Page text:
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February 24, 2010

Select Committee report published

Category: News

Press Standards, Privacy and Libel report advocates reform of media law


The House of Commons Culture, Media and Sport Select Committee, chaired by John Whittingdale, has made wide-ranging recommendations for reforming media law in its report Press Standards, Privacy and Libel.

The Committee found that the current burden of proof in defamation actions is fair and should remain on the defendant at least as far as claims brought by individuals are concerned, but suggests that parliament should amend the law for corporate claimants. A new tort of "corporate defamation" would require corporations to prove actual damage before an action could be brought. Alternatively, the report suggests, corporate claimants could be restricted to relying on malicious falsehood actions.

In relation to internet libel, the report recommends a one-year limitation period, capable of extension if the claimant could satisfy the court that he or she could not reasonably have been aware of the existence of the publication. A claimant should however, be entitled to obtain a court order to correct a defamatory statement after expiry of the limitation period.

The Committee saw no justification for 100% success fees in CFA cases but said: "We do not agree with the Ministry of Justice that the maximum level of success fees should be capped at 10%, nor do we believe that success fees should become wholly irrecoverable from the losing party. However we would support the recoverability of such fees from the losing party being limited to 10% of costs leaving the balance to be agreed between solicitor and client."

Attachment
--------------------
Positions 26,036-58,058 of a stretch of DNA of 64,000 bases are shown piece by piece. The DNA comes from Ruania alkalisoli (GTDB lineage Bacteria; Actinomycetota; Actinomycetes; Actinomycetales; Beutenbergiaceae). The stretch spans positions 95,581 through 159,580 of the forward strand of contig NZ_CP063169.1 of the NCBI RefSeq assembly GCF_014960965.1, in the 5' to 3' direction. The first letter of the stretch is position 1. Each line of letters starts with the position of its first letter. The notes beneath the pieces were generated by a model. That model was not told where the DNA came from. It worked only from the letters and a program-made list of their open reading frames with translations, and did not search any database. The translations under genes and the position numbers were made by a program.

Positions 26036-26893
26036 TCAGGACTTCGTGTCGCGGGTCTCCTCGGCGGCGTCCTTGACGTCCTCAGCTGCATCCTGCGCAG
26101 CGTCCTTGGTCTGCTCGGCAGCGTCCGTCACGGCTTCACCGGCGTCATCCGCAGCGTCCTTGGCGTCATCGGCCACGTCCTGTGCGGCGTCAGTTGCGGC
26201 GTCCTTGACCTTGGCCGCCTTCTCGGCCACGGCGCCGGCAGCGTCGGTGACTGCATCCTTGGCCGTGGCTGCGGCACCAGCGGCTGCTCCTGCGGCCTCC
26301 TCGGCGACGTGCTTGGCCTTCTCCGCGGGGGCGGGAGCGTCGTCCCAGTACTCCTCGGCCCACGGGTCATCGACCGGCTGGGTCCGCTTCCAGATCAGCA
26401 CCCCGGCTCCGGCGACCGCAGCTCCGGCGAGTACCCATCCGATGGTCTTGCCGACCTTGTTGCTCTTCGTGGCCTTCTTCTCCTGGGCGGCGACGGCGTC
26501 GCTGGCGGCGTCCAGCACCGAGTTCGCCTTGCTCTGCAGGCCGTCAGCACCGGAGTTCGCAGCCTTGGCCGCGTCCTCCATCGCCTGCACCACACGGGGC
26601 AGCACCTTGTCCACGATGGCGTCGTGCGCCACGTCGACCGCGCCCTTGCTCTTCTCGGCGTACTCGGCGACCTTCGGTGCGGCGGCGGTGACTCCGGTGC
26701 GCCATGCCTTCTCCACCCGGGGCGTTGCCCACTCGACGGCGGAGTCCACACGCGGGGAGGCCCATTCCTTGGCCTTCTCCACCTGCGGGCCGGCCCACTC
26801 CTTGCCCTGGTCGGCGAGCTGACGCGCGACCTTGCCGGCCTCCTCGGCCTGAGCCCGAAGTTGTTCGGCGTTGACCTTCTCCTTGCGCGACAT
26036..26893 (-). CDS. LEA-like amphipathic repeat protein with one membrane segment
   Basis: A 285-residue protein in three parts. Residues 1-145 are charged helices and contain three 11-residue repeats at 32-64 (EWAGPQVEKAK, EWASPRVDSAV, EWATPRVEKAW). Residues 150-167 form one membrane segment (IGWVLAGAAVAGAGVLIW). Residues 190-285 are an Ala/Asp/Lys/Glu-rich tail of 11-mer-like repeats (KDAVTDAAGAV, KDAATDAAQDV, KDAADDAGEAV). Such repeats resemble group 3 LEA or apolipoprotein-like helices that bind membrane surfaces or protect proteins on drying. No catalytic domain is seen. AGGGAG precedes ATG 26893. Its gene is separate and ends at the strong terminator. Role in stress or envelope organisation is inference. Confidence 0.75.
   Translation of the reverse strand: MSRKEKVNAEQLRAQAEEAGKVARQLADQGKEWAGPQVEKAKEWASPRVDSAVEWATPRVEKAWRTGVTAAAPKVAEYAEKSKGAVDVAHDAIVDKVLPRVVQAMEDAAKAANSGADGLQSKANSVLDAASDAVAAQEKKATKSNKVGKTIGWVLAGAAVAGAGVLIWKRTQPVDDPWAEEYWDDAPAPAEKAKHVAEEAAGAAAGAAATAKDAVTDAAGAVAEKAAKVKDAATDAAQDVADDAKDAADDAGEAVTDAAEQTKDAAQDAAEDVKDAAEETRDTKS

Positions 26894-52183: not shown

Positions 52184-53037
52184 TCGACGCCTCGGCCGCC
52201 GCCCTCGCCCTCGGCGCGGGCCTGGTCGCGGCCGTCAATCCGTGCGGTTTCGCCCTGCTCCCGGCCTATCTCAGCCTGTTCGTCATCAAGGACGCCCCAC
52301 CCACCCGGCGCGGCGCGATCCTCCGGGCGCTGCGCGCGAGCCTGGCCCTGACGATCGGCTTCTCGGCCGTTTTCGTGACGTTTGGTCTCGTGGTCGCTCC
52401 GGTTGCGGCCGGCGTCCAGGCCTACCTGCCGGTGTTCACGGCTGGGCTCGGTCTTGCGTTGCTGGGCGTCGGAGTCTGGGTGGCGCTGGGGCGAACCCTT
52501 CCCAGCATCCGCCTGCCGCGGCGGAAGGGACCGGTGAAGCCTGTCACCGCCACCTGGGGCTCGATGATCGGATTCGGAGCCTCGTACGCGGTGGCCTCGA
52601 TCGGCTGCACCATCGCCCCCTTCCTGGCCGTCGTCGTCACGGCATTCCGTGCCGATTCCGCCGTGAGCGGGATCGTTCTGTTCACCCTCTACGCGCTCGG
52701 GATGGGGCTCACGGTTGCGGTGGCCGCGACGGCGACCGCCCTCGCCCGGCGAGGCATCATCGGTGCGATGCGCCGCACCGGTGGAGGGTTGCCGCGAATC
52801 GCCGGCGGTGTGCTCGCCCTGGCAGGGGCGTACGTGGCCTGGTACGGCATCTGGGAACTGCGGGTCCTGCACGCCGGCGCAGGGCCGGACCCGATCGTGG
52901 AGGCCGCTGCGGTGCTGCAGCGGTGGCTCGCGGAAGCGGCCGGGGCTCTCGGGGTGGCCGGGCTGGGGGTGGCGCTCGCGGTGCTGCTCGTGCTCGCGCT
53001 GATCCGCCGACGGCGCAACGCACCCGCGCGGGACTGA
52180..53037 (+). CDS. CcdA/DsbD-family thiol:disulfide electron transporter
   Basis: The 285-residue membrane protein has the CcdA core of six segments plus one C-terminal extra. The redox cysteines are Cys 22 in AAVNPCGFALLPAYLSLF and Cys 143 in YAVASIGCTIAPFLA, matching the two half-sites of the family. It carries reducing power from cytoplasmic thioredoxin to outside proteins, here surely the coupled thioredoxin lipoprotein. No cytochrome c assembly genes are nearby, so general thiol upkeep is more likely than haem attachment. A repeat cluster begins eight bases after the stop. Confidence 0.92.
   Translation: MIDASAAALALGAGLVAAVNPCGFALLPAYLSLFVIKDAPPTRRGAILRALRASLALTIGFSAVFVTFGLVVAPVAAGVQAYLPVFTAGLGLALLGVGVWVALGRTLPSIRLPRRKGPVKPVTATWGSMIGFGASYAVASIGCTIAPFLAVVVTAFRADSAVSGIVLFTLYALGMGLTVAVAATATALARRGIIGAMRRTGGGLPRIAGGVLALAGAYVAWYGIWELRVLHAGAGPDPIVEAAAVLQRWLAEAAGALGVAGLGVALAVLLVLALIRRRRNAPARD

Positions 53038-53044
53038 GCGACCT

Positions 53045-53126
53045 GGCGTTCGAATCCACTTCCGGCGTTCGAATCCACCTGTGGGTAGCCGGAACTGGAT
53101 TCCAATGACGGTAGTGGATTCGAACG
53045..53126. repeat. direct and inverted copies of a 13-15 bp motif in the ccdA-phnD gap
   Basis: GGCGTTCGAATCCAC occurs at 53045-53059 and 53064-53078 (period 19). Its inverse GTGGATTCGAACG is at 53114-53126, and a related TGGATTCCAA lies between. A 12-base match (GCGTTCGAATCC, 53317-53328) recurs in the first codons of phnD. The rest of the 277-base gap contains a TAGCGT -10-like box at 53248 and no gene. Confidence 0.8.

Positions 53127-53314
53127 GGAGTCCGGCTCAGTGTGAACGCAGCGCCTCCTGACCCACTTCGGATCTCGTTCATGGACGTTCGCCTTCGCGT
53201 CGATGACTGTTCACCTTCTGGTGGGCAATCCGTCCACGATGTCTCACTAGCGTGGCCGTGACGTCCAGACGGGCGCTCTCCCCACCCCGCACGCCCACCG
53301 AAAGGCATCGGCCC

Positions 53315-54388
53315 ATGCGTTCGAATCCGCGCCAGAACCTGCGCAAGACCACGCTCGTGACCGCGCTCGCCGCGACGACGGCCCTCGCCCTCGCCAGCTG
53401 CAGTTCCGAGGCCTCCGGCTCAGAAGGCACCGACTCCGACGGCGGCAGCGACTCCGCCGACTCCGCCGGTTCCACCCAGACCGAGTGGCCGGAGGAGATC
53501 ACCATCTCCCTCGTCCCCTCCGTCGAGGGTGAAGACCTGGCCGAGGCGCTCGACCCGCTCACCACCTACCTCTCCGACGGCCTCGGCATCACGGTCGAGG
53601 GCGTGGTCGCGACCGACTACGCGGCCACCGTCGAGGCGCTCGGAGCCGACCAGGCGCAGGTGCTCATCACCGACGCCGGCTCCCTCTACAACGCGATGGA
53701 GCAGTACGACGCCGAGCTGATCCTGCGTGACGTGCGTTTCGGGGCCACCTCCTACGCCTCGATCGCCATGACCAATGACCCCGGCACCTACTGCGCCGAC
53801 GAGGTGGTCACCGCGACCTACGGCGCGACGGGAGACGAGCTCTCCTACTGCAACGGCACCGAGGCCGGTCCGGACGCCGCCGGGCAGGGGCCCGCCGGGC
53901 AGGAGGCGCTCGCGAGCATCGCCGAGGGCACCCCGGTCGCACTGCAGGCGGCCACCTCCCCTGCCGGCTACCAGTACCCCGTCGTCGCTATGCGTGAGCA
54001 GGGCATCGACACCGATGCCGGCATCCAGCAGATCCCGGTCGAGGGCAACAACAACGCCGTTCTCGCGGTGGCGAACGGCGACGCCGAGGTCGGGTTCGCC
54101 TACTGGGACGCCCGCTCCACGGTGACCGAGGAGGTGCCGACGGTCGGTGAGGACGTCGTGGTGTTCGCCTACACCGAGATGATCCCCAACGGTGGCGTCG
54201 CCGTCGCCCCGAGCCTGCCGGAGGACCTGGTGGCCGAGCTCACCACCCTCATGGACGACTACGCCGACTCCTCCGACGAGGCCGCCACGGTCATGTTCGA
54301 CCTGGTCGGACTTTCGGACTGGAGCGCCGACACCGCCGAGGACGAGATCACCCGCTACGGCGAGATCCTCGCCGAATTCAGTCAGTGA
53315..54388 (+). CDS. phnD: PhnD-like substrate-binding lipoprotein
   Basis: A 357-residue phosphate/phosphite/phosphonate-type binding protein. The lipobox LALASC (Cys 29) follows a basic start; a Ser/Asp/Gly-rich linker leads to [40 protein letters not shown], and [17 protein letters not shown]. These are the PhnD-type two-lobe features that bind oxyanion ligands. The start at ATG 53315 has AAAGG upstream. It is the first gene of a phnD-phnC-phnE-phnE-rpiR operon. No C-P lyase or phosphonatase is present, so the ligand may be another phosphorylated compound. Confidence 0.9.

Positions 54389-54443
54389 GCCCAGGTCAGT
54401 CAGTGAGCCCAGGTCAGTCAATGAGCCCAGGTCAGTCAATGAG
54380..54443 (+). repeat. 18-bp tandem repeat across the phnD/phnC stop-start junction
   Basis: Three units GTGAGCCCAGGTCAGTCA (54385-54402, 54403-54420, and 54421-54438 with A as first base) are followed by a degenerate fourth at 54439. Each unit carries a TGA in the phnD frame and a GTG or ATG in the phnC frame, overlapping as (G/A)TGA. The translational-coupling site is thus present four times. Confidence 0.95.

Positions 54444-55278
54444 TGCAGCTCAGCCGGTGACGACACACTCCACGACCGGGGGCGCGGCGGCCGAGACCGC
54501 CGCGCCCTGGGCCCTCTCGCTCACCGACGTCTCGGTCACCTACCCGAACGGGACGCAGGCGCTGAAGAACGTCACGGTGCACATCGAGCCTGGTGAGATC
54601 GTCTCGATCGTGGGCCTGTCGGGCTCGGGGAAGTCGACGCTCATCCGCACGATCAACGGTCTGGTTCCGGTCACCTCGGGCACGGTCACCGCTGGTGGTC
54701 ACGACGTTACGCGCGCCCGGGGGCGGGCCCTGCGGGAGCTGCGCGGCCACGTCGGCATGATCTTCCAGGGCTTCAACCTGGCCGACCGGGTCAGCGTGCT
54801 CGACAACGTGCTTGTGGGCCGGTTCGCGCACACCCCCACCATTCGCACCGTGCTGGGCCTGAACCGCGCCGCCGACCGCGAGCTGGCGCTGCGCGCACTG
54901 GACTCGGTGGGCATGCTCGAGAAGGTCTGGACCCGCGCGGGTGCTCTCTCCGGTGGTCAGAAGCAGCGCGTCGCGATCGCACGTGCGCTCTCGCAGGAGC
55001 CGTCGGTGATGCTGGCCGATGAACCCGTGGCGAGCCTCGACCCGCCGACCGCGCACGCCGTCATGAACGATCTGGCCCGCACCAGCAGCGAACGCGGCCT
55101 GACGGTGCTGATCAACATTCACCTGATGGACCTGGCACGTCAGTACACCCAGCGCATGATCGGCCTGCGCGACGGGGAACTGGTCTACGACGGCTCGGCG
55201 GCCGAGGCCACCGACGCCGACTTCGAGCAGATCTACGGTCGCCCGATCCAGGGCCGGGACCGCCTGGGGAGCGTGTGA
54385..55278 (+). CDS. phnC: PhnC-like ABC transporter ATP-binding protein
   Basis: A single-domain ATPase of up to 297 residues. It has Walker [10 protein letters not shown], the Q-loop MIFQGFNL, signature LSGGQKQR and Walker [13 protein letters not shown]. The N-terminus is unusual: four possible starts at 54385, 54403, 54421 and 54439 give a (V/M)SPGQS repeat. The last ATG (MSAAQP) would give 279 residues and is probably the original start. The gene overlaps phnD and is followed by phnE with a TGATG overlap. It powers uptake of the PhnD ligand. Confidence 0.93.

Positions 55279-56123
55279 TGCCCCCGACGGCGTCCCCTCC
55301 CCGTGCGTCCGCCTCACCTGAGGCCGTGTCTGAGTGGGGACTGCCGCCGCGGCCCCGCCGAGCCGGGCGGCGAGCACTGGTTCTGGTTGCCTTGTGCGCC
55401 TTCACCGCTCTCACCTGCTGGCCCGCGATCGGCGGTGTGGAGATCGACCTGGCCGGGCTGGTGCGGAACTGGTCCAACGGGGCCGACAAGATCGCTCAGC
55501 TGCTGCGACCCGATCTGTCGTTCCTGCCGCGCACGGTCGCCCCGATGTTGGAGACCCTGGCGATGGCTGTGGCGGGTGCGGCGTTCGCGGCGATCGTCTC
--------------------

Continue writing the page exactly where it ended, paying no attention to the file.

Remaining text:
The Committee did not consider that the time was right to legislate on privacy. Instead, the report recommends changes to the PCC Code which would require that journalists notify the subject of their articles prior to publication, subject to a “public interest” test. Pre-notification would not be mandatory, but a failure to do so should be an aggravating factor in assessing damages.

Other recommendations include:

  • The development of a fast track procedure for appeals from interim injunction decisions.
  • A one year limitation period for "electronic archives" unless a publisher fails to amend or flag the online version in response to a complaint.
  • A detailed consultation on the issue of a statutory responsible journalism defence.
  • Additional hurdles for claimants wishing to bring libel actions in this jurisdiction who are not domiciled, or do not carry on business in the UK.
  • Renaming the PCC the Press Complaints and Standards Commission and giving the regulator the power to fine its members and, in the most serious cases, suspend the printing of the offending publication for one issue.